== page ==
MESSAGES FROM GAZA NOW – December 2023/January 2024 – Agony


Today I went to Sawarha to see my wife Abeer and bring her some food and hygiene items which became very difficult to secure in Sawarha. I left home at 8.30 am.

In Rafah, the crowds are unbelievable. Moving, walking 100 metres takes at least 10 minutes. A city of 200,000 inhabitants with very weak infrastructure, received 1 million people. (I will late about Rafah at another time).

Looking for a taxi to Sawarha. The normal cost of one is $1.5. The first taxi asked for $150. I left him for another one, arguing the price, finally there was no-one cheaper than $65 with the condition that he would take other passengers on the way. I have no choice. We start moving. 30 minutes to get out of the city toward Khan Younis but not really reaching Khan Younis as there is the Israeli invasion there. Before reaching Khan Younis City, the driver rook roads that I never knew about, until we reached the coast road. 

Tents everywhere, people everywhere, street sellers of food items received from humanitarian aid are everywhere, making the road busy and crowded. The car on many occasions moved at the speed of a man walking.  We reached Deir Al Balah, then Zawaida, then Sawarha. A distance of less than 3km took more than 1hour and 20 minutes. A long line of cars, trucks, donkey carts, all types of vehicles are full of people, mattresses, stuff, cooking gas cylinders, jerrycans for water, bread flour, vehicles full to bursting, stuff tied with ropes, all are moving to the south, evacuated from Nuseirat. The image is like Judgement Day. People look very tired, very desperate, very unclean. Men are unshaven, young children crying everywhere, very afraid. You could feel the fear. You could touch the fear. They are going to Rafah, not knowing what they are going to do there. Everybody knows that Rafah is completely full; not only the houses, buildings or the public institutions but the streets, the parks, the side roads are completely full with tents and people. They are escaping from the bombing and the military invasion. They are running for their lives but have no idea where and what could happen to them. 

Some volunteers were trying to help facilitate the traffic but it was an almost impossible mission. Some cars stopped due to engine problems; no side roads to push them into out of the line of traffic. The road also passes by shelter-schools on the sea road which makes it more difficult; hundreds of street sellers in front of the schools, thousands of people move in and out, blocking the road. I am worried about being late. I must be back at 1pm otherwise my mother will worry.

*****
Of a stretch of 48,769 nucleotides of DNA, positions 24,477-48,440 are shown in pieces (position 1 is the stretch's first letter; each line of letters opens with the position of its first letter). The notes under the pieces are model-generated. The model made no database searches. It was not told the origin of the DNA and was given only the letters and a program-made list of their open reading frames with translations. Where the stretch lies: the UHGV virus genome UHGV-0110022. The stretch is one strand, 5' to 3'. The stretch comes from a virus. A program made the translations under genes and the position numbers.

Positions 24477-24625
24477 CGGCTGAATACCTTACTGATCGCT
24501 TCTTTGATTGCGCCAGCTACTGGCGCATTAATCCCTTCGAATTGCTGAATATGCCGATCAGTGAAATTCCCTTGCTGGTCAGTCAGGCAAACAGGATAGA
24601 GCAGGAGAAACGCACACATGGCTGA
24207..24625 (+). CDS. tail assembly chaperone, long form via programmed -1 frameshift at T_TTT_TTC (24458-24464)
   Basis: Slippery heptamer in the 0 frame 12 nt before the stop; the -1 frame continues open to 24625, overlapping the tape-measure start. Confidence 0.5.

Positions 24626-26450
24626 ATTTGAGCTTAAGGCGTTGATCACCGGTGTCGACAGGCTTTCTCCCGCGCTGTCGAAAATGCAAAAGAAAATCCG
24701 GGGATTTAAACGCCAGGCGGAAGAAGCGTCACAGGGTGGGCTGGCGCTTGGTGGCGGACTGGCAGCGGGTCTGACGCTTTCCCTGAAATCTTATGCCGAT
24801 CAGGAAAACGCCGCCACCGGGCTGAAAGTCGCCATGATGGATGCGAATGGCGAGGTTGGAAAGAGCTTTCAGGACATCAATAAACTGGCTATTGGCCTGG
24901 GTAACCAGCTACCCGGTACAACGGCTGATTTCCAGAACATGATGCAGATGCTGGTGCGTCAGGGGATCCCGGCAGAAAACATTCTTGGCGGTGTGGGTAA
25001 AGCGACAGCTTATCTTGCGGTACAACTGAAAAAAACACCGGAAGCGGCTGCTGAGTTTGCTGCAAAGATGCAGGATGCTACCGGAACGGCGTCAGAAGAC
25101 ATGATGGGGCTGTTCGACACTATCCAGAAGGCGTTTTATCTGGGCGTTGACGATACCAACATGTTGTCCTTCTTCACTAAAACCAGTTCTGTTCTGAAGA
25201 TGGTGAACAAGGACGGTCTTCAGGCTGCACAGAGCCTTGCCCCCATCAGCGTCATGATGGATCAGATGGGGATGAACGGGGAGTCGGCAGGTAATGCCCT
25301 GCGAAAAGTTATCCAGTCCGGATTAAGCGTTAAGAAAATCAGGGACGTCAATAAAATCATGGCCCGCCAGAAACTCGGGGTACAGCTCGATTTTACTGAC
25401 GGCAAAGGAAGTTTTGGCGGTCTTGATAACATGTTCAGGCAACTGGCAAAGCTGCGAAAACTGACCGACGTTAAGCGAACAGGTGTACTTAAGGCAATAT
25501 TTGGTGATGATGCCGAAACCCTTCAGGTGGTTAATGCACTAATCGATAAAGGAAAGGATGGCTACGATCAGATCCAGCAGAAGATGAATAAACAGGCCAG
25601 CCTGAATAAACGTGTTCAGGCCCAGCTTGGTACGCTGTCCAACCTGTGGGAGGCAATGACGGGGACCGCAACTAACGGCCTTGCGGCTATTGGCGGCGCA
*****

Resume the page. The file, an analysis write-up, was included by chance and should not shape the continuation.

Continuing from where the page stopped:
From Rafah to Sawarha normally takes 20 minutes even with a normal traffic jam. Arrived at 11.30. Sawarha was quiet. It is 2.5km from the centre of Nuseirat, but the invasion continues. The Israeli army started the invasion in a small part of Nuseirat 2 weeks ago. Now they’ve almost invaded the whole camp, leaving behind them huge destruction and hundreds of people killed. Bombing, shelling, heavy shooting. 

I agreed with the taxi driver to take me to Sawarha and bring me back to Rafah, so I met Abeer for less than 10 minutes. Checked on her and the family, everyone is still alive but no-one is ok.

Buddy, my dog, was so happy to see me. I was so happy to see him too. He kept jumping on me and running around. I don’t want to leave. iIwant to stay with my wife and my dog. I want to go back home. I want to settle down, to lay down on my bed or sit on my balcony with my wife, my daughter and my dog as we used to to every evening, having some coffee. I need some rest and tranquility. Nothing more.

I discussed with Abeer the plan of their arrival to Rafah. Her parents completely refuse to leave until they see all the people in the area leaving. Abeer is unable to leave them alone, I don’t know what to do. What a complex situation. Trying to convince them is not helping. I understand that they are tired of moving and being displaced. They are too old for more agony. It is their only way to show that they are giving up. Time is running out. It will take me at least another 2 hours back to Rafah, to my mother. I left the stuff at the front door and left with the agreement of Abeer to communicate further on the mobile. 

The journey back to Rafah was the same, the same crowd, the same sad people, the same traffic of displaced people in cars and vehicles full of their basic needs, full of hundreds of street sellers of food aid items, full of agony.